IT was most likely unintentional -- but in a recent interview, an enthusiastic Andreas Mitisek, artistic and general director of Long Beach Opera, coined an oddly appropriate word for most productions of Richard Wagner's epic four-opera cycle, "The Ring of the Nibelungen": gigantomanic.
"I personally think it was meant as a human drama, with interactions between people," Mitisek said of the German composer's mythic saga, considered the opera world's most ambitious undertaking with its customary length of 16 hours. The four operas are usually spread over five days to give the singers a chance to rest between the vocally challenging installments.
"It's usually on a huge stage, and then you have a huge orchestra between you and the stage," Mitisek said. "And when you do it in a gigantomanic way, you take away that real intimacy that can happen when two characters stand onstage and sing to each other."
The world of opera does not generally lend itself to puns and bad jokes -- but in this case, prepare for them in gigantomanic proportions: This month, Long Beach Opera is presenting an abridged "Ring" at the Center Theater in downtown Long Beach. The short version, conceived in the late '90s at England's Birmingham Opera Company by Graham Vick and Jonathan Dove, is a co-production with Opera Theater of Pittsburgh, which presented the first two operas, "The Rhinegold" and "The Valkyrie," last summer and will complete the cycle with "Siegfried" and "Twilight of the Gods" in July. Jonathan Eaton, artistic director of Opera Theater of Pittsburgh, came to Long Beach to direct this first West Coast production.
Yes, it's a "Ring"-let, a pocket "Ring," the Short Cycle, the Semi-Cycle. And the condensation -- which will be performed twice in its entirety, in English instead of German, over two weekends, next Saturday and Sunday and Jan. 21 and 22 -- is, of course, a great way to Ring in the new year.
But then, untold opera fans have deemed "The Ring" a life-enhancing experience since 1876, when it was first performed in its entirety at the theater in Bayreuth, Germany, that Wagner built specifically to showcase it.
An exercise in eclecticism
SIMILARLY, myriad directors and designers have been inspired by the composer's vast saga of Norse gods and goddesses and human greed and folly, which brought the world the amazonian Valkyries (chief among them Brunnhilde), the floating Rhine Maidens and the valiant hero Siegfried and which clearly inspired J.R.R. Tolkien's own "Ring" myth. There have been slavishly detailed "Ring" productions, starkly symbolic ones and scores in between. Washington National Opera announced last month that its new "Ring" would be inspired by the history and landscape of the United States. Designer Danila Korogodsky's renderings for the Long Beach version suggest a collision between abstraction and Tolkien.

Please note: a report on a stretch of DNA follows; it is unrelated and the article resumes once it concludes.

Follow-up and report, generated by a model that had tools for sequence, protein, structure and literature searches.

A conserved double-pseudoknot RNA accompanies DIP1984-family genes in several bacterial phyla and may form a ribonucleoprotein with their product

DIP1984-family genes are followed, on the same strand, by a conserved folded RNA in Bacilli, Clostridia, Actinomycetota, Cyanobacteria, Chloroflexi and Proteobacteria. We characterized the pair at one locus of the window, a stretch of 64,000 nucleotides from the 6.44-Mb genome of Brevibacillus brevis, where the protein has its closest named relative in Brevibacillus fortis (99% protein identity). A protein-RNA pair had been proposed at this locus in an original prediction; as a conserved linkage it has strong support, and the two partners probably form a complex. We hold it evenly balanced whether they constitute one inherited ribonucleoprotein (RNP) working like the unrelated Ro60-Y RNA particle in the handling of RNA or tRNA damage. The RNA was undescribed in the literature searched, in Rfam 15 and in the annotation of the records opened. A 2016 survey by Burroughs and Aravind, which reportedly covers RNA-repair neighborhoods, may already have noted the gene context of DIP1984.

One avid Los Angeles "Ringhead" -- a term frequently used to describe those who follow stagings of the cycle around the world -- is a little confused about how to add Long Beach Opera's mini-"Ring" to his bragging rights. "I've seen 74 'Rings' complete. The last one was in Amsterdam," says retired ophthalmologist Sherwin Sloan, president of the Los Angeles Wagner Society and a member of the Los Angeles Opera board of directors. "I think I'll call this my 74th-and-a-half."
All kidding aside, Sloan is so excited by the opportunity to see a new take on "The Ring" that he's organized a group of about 30 L.A. Opera board members to attend the Long Beach cycle; in the spring, he plans to lead another such group to Paris to see a full-length "Ring" staged by Robert Wilson. "I've never seen an abbreviated 'Ring' -- I think it's a good idea," Sloan says. "And we get it done in two days."
Speight Jenkins, general director of Seattle Opera, which presented full-length "Ring" cycles in 2001 and 2005, thinks a shortened "Ring" is a great idea.
"There are plenty of Wagner purists who are going to complain about it, but that's neither here nor there," Jenkins says. "The important thing is to introduce the cycle as much as possible to people who haven't seen it before. If Long Beach Opera succeeds in doing that, it's great for everybody, because almost anyone who sees a reduced version of something really great wants to see the whole thing."
More by coincidence than design, Long Beach Opera also will launch what is shaping up locally as the year of "The Ring." In early 2005, the Orange County Performing Arts Center announced that it would import the Kirov Opera's "Ring" from St. Petersburg, Russia, in 2006. Because the Long Beach staging comes earlier, however, the company beats OCPAC in the "Ring" competition, boasting the first production ever "in the Los Angeles and Orange County areas." It can't claim the catchier "first 'Ring' in Southern California" distinction because the Seattle "Ring" was staged in San Diego in the 1970s, albeit over four years.